Susan’s most recent nonfiction work includes two memoirs: An Extraordinary Year of Ordinary Days and Together, Alone: A Memoir of Marriage and Place. Her earlier nonfiction work includes Work of Her Own, a study of women who left their careers, and Writing From Life: Telling Your Soul’s Story, a guidebook for women memoirists. That book led to the founding of the Story Circle Network in 1997. She has edited two anthologies for the Story Circle Network: With Courage and Common Sense (2004) and What Wildness Is This: Women Write about the Southwest (2007). She currently serves as editor of Story Circle Book Reviews and co-coordinator of SCN’s Sarton Women’s Book Awards.
She and Bill live in the Texas Hill Country, where she writes, gardens, and tends a varying assortment of barnyard creatures.
For more information, please visit Susan Wittig Albert’s website. You can also find her on Facebook, Twitter, Pinterest, Google+, Goodreads, Amazon, and BookBub.

Summary:
A compelling story of love, betrayal, and ambition by New York Times bestselling author Susan Wittig Albert, The General’s Women tells the story of two women–Kay Summersby and Mamie Eisenhower—in love with the same man: General Dwight Eisenhower.
Set during the chaotic years of World War II, The General’s Women tells the story of the conflicted relationship between General Dwight Eisenhower and Kay Summersby, his Irish driver/aide, and the impact of that relationship on Mamie Eisenhower and her life in Washington during the war. Told from three alternating points of view (Kay’s, Ike’s, and Mamie’s), the novel charts the deepening of the relationship as Ike and Kay move from England (1942) to North Africa (1942-43) to England, France, and Germany before and after the Normandy landing (1944-45). At the end of the war, Ike is faced with the heart-wrenching choice between marrying Kay and a political future.
The story continues into the post-war years, as Ike (returning to Mamie) becomes Army Chief of Staff, president of Columbia University, Supreme Commander of NATO, and president of the United States. Kay, meanwhile, struggles to create a life and work of her own, writing two memoirs: the first (Eisenhower Was My Boss, 1948) about her war work with Ike; the second (Past Forgetting, 1976) about their love affair. An author’s note deals with the complicated question of the truth of Kay’s story, as it finally appears in the posthumously-published Past Forgetting.

My Thoughts:
The Generals’ Women is a work of fiction. When I began reading the book, I had to remind myself this is a fiction piece. As big of a historical figure as Dwight D. Eisenhower, it is easy to become wrapped up in the story believing this is a biography.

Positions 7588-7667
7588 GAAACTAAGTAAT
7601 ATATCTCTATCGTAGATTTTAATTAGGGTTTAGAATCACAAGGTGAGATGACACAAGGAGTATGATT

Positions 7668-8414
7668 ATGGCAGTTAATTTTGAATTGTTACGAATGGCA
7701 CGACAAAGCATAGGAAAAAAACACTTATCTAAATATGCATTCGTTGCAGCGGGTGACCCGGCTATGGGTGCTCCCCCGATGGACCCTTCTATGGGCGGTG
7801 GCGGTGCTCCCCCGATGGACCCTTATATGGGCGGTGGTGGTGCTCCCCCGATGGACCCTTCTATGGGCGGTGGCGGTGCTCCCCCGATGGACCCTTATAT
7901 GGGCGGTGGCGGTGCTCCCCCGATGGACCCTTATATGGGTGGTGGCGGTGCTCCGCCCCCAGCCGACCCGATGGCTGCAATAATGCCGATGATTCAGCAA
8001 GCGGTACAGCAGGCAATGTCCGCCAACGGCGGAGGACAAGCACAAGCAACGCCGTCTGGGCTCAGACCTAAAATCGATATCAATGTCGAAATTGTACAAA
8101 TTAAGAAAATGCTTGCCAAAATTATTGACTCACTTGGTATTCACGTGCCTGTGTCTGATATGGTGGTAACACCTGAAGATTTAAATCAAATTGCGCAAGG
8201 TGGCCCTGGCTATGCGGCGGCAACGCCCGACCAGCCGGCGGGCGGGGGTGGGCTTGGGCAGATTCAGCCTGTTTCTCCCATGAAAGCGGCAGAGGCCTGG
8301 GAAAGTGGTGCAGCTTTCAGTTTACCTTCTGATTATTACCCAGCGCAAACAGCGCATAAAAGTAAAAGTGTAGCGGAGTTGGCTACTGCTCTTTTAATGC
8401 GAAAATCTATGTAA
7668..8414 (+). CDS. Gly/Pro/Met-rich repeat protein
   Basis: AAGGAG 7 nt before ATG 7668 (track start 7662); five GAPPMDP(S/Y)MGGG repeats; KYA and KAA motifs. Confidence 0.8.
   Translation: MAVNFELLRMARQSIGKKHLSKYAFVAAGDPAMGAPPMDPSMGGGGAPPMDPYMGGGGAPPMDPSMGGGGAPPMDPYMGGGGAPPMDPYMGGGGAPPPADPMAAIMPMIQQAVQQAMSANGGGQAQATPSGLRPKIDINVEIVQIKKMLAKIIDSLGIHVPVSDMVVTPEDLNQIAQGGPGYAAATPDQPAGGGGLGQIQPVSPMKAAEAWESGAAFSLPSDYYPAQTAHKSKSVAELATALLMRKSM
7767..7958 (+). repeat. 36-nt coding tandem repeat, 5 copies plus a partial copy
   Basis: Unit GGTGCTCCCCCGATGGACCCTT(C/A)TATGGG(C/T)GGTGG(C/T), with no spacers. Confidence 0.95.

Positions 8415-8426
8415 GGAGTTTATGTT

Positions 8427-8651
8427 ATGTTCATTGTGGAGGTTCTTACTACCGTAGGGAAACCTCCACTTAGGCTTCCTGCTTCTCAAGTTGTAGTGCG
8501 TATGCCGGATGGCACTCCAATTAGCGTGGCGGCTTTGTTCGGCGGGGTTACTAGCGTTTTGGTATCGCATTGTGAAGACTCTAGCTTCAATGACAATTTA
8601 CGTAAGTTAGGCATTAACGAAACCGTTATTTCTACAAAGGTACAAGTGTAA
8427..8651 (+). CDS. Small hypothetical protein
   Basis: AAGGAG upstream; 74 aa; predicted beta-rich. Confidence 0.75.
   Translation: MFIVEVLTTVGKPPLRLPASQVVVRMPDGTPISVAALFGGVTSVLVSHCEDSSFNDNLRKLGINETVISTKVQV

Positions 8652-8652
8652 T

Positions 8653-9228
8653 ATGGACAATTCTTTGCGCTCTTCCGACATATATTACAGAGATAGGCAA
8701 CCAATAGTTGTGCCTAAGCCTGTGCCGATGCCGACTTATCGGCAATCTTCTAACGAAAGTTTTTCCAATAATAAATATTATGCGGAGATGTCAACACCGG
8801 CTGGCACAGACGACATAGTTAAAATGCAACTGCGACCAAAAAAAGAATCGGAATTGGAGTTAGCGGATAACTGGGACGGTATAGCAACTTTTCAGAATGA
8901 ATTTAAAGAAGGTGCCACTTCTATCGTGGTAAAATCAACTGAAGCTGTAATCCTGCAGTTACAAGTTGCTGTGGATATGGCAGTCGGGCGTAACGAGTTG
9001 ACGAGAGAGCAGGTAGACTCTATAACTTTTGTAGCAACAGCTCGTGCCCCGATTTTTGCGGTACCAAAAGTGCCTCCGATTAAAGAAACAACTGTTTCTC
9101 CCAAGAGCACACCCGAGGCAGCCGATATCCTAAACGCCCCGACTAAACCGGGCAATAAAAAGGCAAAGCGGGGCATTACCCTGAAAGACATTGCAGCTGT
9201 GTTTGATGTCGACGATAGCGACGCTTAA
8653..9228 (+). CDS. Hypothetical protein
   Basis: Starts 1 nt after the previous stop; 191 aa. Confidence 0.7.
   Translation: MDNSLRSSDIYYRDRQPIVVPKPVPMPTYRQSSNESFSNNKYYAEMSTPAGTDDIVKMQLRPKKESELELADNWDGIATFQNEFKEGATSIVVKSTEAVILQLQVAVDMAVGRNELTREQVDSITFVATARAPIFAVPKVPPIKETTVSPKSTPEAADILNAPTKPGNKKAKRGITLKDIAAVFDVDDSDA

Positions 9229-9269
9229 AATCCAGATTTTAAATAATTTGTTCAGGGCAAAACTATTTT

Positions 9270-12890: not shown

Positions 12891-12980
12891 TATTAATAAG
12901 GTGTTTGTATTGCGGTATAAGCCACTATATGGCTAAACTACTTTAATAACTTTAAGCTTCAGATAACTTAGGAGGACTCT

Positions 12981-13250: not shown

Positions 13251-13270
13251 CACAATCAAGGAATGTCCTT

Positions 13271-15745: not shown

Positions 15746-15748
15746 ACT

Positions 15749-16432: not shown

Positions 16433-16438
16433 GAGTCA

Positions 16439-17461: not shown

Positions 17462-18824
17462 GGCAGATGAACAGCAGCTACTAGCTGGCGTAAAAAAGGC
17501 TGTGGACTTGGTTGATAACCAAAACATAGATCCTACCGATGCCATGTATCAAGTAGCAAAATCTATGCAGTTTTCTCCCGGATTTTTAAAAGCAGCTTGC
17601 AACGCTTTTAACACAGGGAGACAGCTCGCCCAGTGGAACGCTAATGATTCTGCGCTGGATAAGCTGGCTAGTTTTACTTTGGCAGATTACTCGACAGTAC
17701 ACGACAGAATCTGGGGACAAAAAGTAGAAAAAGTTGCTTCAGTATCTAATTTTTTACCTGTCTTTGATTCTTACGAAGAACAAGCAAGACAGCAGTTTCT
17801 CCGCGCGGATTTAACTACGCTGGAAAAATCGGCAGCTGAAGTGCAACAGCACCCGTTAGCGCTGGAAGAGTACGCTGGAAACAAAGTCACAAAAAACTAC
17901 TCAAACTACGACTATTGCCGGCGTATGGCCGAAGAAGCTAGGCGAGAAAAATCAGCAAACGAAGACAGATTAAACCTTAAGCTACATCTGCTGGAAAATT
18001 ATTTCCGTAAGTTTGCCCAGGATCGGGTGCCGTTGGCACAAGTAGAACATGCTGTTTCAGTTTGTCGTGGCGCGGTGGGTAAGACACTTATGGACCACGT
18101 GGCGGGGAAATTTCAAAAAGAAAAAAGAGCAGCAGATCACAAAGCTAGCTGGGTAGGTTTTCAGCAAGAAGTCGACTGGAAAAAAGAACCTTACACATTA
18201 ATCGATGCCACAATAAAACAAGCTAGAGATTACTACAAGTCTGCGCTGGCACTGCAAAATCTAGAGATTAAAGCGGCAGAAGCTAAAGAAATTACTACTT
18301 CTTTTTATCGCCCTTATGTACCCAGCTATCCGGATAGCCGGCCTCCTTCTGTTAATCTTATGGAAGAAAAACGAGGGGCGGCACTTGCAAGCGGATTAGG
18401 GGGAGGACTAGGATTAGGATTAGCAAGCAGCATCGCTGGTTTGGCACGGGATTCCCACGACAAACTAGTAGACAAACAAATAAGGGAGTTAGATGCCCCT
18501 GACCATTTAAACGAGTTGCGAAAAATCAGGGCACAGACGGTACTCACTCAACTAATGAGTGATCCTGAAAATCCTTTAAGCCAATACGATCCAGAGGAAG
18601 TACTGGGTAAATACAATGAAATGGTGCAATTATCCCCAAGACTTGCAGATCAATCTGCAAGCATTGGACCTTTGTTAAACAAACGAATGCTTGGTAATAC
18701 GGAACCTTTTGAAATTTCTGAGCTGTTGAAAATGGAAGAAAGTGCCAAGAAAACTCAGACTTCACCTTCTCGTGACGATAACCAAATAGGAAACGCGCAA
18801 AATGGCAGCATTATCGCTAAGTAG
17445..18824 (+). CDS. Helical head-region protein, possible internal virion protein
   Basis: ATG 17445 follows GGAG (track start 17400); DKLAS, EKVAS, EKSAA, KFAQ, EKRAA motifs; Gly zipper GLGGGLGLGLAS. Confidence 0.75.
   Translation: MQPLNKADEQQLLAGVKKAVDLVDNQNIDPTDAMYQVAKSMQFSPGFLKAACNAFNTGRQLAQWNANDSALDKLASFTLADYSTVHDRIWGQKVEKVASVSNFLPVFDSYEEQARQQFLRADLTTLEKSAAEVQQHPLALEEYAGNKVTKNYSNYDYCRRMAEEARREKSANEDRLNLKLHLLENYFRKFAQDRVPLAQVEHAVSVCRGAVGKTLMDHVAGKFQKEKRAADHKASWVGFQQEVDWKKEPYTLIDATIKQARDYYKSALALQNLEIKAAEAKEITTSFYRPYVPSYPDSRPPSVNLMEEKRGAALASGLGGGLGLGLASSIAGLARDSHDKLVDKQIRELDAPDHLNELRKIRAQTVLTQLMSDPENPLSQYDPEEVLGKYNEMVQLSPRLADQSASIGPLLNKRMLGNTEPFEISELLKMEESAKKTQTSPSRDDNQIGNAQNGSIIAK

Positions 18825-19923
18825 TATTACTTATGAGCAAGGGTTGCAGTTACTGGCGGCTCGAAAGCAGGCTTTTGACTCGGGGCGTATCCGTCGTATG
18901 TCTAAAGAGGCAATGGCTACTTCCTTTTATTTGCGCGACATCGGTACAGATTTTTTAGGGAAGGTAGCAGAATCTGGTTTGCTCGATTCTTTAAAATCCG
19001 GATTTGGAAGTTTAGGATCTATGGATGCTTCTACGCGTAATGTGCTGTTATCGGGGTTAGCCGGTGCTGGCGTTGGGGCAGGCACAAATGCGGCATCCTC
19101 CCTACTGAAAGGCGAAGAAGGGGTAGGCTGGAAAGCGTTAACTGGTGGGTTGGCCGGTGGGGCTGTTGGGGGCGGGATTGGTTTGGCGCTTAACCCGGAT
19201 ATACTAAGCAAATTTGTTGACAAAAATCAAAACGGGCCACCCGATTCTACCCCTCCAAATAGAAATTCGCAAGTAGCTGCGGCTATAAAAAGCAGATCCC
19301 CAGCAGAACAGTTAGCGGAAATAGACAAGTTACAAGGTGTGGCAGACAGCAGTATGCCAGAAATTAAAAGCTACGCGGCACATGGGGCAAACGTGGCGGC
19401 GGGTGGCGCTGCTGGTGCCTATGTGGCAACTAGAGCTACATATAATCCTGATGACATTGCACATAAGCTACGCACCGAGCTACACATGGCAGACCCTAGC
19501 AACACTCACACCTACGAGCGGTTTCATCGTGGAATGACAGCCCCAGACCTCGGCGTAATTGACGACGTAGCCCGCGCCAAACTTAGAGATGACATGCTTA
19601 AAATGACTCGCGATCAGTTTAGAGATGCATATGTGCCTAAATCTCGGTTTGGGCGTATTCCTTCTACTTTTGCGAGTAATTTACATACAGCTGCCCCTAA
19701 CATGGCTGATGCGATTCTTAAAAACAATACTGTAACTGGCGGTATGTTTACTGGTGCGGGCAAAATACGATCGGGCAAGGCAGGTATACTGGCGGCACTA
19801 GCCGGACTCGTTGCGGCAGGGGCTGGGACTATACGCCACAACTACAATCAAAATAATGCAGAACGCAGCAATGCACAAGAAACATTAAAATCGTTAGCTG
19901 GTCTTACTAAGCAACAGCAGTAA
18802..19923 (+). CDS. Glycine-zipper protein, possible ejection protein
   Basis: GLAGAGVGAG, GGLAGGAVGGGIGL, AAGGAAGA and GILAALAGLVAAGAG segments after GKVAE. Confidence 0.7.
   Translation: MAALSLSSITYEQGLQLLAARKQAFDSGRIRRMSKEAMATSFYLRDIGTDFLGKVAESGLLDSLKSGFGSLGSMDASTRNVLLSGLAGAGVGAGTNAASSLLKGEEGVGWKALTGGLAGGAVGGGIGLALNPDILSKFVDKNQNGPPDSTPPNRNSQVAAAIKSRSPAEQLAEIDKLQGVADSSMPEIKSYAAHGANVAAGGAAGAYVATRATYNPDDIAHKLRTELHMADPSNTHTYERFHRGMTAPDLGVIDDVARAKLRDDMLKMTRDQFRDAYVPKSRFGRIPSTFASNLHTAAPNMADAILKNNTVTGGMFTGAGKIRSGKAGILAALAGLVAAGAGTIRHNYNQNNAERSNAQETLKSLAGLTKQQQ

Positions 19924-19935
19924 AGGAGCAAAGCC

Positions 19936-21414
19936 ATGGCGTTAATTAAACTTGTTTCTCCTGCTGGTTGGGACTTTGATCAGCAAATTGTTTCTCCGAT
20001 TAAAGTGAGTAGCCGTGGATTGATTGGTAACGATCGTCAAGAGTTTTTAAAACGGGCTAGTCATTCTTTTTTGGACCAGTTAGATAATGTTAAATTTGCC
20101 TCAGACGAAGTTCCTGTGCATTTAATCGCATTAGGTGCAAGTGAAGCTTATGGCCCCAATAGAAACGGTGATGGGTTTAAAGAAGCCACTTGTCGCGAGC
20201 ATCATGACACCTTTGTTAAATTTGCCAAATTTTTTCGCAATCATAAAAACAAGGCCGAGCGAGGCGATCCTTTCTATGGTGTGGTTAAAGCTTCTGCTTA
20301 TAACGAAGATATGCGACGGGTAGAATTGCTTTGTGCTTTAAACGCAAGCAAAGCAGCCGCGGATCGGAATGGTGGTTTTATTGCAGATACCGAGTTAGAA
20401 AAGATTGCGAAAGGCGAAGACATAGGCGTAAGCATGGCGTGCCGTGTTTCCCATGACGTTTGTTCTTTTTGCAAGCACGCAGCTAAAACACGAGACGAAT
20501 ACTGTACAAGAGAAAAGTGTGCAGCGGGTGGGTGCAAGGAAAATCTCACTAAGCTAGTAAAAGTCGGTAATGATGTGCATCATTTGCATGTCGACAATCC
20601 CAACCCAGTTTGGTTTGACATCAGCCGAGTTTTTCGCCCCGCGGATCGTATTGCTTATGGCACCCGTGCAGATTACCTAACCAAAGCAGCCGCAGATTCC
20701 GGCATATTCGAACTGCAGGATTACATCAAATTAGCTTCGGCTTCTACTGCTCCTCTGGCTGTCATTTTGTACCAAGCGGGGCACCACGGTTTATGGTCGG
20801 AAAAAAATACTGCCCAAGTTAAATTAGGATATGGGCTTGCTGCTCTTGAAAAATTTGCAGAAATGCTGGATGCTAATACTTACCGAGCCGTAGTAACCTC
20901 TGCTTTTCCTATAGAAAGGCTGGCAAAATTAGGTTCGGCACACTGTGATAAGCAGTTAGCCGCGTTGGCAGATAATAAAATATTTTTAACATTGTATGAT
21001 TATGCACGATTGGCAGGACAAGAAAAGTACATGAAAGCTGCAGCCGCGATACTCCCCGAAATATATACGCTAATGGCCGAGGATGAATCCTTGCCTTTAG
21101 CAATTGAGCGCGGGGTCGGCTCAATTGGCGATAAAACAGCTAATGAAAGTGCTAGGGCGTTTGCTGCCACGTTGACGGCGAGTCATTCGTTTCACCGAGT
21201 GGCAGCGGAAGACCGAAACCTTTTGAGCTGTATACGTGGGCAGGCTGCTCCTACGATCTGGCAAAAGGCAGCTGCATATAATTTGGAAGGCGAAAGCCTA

In the past, I’ve read several nonfiction books on Eisenhower as the central figure or as apart of the World War II story. The General’s Women is not a strong military story. References are made to the battles and the advancement of the war. Meetings Eisenhower attended with ambassadors, heads of state, generals and other military are mentioned.
The story’s emphasis is on the relationship Eisenhower had with his driver, Kay Summersby. Mamie Eisenhower, back at home in America is apart of the story but not a strong part. She seemed more like a secondary character. The spotlight is on Eisenhower and Kay.
I was glad, Susan Wittig Albert, documented her research on the people discussed in the book in the “Author’s Note.” Mamie Eisenhower’s granddaughter wrote a biography on  Mamie, as well as a few other sources were studied. Kay Summersby wrote a memoir and this is utilized.
Even thought Albert explains what is fictionalized in the story. I want to mention my feelings on how I feel about historical figures who are written about in a book. It is a guess as to what are people’s motives, feelings, and thoughts. Husbands and wives who have been together many years, parents who are close to their children, and best friends don’t know everything about each other. Only the individual and God know the true self behind the flesh. Maybe Eisenhower deeply loved Kay Summersby or cared for her or it was a wartime romance. During a time of war, sexual relationships between people happen. Afterwards, on reflection, that is when a person can adequately make a judgment about what happened.
The General’s Women is an interesting and entertaining story. It personalizes the military figure of Eisenhower. He is shown as the human with emotions behind the military uniform.
I have empathy for both Eisenhower and Kay. Both people spent time together during a war. They depended on one another. They had chemistry. They developed feelings. But the relationship did not last.
I have lived long enough (age 53) that I have heard several stories from people who loved a person but the relationship did not continue. They ended up marrying another person. They spent the rest of their life remembering that great love. It is sad. But this is the reality of life. There really is no happily ever after.